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MAJURO, Marshall Islands (March 3, 2000 – Marshall Islands Journal)—Foreign Minister Alvin Jacklick said it was not only the four atolls that were exposed to nuclear test fallout from the 67 American nuclear tests at Bikini and Enewetak, but also islands to the southern and western islands in the RMI -- and even islands as distant as Pohnpei in the Federated States of Micronesia.

During the Nuclear Victims Day ceremony in Majuro, he assured a nationwide listening audience that the new government was working on petitioning the U.S. Congress to consider increased compensation and medical care for the Marshalls. A special committee has already been established for this purpose, he said.

Jacklick also said that the new government was delivering on a promise to prevent importation of nuclear and hazardous waste. Last week, he said, bill number 12 was introduced in the Nitijela which, when passed into law, will ban any nuclear waste from entering the RMI.

He also commented on the fact that 15 years ago, when the first Compact and its compensation provisions were negotiated, detailed information on U.S. nuclear testing effects in the RMI was not available. This information has only become available in the past several years, he said.

Bikini Councilman Nijma Jamodre spoke on behalf of the Bikini community, concluding his remarks by saying nuclear test problems were widespread. "It’s not just Bikini, it’s not just Rongelap. It’s a problem for all of the Marshall Islands," he said.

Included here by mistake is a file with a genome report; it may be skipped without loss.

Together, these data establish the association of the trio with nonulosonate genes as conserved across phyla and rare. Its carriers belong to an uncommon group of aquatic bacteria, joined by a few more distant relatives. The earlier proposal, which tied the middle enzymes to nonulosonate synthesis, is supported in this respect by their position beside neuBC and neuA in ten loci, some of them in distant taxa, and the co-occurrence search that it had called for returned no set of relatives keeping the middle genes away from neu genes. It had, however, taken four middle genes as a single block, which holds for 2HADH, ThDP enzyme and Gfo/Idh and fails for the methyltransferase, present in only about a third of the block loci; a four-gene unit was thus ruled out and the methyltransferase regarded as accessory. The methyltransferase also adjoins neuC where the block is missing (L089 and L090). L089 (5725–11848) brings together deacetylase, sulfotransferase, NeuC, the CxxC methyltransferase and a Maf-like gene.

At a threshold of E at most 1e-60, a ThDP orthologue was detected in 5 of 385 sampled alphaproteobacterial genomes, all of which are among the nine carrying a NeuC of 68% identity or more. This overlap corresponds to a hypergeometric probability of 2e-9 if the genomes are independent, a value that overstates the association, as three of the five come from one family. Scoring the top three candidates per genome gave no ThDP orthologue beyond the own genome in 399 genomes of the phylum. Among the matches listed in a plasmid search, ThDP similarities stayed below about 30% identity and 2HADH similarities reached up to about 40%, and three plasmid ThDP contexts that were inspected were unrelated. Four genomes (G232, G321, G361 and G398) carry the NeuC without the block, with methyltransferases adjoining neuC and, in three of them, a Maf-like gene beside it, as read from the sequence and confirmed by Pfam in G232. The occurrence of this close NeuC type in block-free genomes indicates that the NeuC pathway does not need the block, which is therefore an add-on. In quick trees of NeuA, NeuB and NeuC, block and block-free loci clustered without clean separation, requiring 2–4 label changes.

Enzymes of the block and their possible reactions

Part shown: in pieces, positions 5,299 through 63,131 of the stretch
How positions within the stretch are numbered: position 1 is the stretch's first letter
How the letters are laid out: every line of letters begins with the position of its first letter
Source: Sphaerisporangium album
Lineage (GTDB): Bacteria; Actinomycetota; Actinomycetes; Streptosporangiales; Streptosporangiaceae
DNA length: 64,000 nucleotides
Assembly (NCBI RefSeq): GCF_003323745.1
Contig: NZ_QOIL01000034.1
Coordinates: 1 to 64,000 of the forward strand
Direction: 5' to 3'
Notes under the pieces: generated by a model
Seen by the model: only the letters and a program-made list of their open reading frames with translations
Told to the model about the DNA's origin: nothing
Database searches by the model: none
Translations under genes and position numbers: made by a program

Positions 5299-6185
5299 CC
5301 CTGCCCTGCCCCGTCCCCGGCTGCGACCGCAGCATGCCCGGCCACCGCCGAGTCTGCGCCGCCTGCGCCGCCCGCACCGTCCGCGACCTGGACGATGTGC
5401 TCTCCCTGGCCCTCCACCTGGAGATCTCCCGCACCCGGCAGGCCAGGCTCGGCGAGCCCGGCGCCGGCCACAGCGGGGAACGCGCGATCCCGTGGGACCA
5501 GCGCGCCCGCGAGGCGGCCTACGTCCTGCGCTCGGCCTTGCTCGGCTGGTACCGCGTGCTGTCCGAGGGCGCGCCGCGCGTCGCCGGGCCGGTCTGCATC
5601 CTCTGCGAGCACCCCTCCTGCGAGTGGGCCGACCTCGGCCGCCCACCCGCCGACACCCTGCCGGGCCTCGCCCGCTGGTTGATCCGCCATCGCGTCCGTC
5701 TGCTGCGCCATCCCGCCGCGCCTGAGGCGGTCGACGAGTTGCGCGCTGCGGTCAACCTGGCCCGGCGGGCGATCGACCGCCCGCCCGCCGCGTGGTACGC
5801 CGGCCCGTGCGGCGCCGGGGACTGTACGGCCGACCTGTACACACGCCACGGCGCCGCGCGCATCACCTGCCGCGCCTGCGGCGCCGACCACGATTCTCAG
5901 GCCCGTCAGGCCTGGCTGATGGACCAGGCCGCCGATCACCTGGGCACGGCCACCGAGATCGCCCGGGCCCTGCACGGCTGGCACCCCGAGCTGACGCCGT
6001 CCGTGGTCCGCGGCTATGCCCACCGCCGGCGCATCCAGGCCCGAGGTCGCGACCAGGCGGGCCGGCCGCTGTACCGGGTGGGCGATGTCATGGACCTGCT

Rongelap Mayor James Matayoshi said that recently released U.S. Department of Energy documents show that U.S. scientists experimented on Rongelap islanders. "Without any authorization, American doctors had conducted experiments involving injecting Rongelapese with radioactive substances," he said.

He joined with other speakers in alluding to the so-called "changed circumstances" issue with regard to compensation and medical care, commenting that Rongelap would be working with the RMI government in the upcoming negotiations with the U.S. government. Matayoshi said he believes that the Marshall Islands will "speak with one voice" in talks with the U.S. on the nuclear issue.



MAJURO, Marshall Islands (March 3, 2000 – Marshall Islands Journal)—Marshall Islander after Marshall Islander took to the microphone at Nuclear Victims Remembrance Day ceremonies Wednesday to say that nuclear test problems are affecting the entire country, not just the four recognized northern atolls.

The event marks the March 1, 1954 Bravo hydrogen bomb test at Bikini that spewed radioactive fallout around the Marshall Islands.

Representatives of the northern atolls delivered impassioned testimony about problems they’ve suffered as a result of resettlement from their nuclear contaminated home islands, and described a litany of health problems they’ve experienced.

The ceremony, held at the College of the Marshall Islands, was attended by President Kessai Note and other high-level government officials.

The Marshall Islands Journal, Box 14, Majuro, Marshall Islands 96960 E-mail: Subscriptions (weekly): 1 year US $87.00; international $213.00 (air mail).

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